If lev melech beyad Hashem, then do we not show appreciation for good things they do and blame them for the bad things they do? If that’s the case then how can we blame even Hitler ym”sh? What about free will?


Interesting question.

The verse “Lev melachim byad H-shem” (Mishei 21-1), does not mean that a king does not have bechira at all, because as you mention, no king would be accountable for his actions. However we do see that every Jewish king, Saul with Amalek, Dovid with counting the Jews, Shlomo with marrying the daughter of Pharaoh, and all the other Jewish kings, were all held accountable for their actions. Even gentile kings were held accountable for their actions, such a Nebuchadnezzar, Koresh, Antiochus, etc.  Even regarding Pharaoh in Egypt, the Midrash says that he had bechira for the first five makos, and only afterwards was his bechira removed. We see from this that even kings do have a level of bechira, and therefore they are accountable for tier actions.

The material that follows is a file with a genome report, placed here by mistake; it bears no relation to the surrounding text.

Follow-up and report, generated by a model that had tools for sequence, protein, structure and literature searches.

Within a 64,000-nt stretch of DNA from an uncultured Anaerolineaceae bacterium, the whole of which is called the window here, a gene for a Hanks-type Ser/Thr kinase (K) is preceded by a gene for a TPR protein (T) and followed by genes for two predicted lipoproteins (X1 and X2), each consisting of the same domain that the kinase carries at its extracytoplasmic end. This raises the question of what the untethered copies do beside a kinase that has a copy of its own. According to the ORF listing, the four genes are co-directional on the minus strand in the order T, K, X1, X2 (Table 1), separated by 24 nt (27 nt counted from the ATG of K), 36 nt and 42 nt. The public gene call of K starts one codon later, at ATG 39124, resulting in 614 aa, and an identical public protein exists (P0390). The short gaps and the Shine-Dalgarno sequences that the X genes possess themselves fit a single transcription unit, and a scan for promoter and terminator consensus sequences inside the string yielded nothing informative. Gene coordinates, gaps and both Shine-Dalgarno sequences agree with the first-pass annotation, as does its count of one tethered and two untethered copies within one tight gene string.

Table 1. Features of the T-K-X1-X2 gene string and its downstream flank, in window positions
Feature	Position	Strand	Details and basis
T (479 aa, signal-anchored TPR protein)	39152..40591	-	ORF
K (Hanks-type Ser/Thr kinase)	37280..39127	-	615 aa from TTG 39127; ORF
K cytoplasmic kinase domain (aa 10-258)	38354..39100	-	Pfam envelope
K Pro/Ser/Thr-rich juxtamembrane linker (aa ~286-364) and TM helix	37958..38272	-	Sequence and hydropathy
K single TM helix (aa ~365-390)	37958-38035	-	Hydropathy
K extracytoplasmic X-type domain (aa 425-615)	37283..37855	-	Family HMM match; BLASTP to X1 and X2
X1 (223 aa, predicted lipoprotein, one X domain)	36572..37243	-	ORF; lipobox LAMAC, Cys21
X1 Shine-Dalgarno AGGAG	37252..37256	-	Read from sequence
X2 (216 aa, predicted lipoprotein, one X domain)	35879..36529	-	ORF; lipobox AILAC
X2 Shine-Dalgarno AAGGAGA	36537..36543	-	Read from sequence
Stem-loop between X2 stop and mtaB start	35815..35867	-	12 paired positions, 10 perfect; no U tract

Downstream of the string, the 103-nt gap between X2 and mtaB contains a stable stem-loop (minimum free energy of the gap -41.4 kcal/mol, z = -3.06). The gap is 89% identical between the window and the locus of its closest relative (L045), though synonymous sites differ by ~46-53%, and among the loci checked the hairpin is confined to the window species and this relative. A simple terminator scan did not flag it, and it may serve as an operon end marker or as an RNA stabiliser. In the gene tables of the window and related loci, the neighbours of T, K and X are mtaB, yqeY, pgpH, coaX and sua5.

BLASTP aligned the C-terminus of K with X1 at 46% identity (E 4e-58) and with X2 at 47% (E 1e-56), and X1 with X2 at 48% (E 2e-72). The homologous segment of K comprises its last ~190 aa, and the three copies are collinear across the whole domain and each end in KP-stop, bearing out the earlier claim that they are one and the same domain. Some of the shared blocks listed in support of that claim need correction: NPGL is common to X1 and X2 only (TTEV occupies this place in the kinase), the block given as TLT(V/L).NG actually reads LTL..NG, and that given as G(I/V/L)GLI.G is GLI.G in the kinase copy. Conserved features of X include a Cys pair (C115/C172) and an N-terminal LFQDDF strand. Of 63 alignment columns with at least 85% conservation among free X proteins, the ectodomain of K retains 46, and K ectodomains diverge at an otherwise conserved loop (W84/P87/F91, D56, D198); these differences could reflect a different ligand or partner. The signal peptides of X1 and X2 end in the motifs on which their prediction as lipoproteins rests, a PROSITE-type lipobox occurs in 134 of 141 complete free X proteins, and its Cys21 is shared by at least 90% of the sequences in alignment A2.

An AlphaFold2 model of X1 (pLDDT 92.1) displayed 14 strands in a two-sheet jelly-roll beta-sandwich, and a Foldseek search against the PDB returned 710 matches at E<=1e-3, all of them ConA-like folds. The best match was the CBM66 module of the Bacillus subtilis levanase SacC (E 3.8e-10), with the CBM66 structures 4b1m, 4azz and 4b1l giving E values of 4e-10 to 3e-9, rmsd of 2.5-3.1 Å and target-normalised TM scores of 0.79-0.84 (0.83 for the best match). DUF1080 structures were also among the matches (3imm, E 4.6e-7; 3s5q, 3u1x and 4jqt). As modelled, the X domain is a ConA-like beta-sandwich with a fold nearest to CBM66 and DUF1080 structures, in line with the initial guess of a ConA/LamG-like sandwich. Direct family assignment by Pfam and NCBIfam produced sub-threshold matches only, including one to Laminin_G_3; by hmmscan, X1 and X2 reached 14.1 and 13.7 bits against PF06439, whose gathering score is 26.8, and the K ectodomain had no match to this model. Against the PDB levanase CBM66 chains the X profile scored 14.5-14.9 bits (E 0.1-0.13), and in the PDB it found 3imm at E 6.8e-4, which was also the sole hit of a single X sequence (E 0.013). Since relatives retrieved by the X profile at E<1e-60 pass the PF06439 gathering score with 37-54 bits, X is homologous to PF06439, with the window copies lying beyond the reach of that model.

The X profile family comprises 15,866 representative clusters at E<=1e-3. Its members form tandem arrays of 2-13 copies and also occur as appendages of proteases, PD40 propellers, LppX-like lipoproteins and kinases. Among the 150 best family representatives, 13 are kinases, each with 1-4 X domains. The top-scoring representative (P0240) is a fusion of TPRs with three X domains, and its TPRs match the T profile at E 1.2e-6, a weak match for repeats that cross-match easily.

The meforshim explain, (see Chasam Sofer Parshas Vayigash who brings this idea in a different context), that this verse doesn’t mean that they don’t have any bechira at all, rather regarding davening to H-shem to take away a decree or plan of a melech, that it is easier to remove the plan of a king then the plan of a regular person. This is because the heart of a king is in the hands of H-shem, therefore by davening to H-shem it is easier to get the king to have a change of heart than a regular person, since the regular person’s heart is subjected to his own bechira. This idea is also brought in Yaaros Devash (at the end of Luchos Haedus) regarding the gemora Megillah 11a that the decree that the decree in the hands of Haman who wasn’t a king was more difficult to abolish because he wasn’t a king.

Tags: kings

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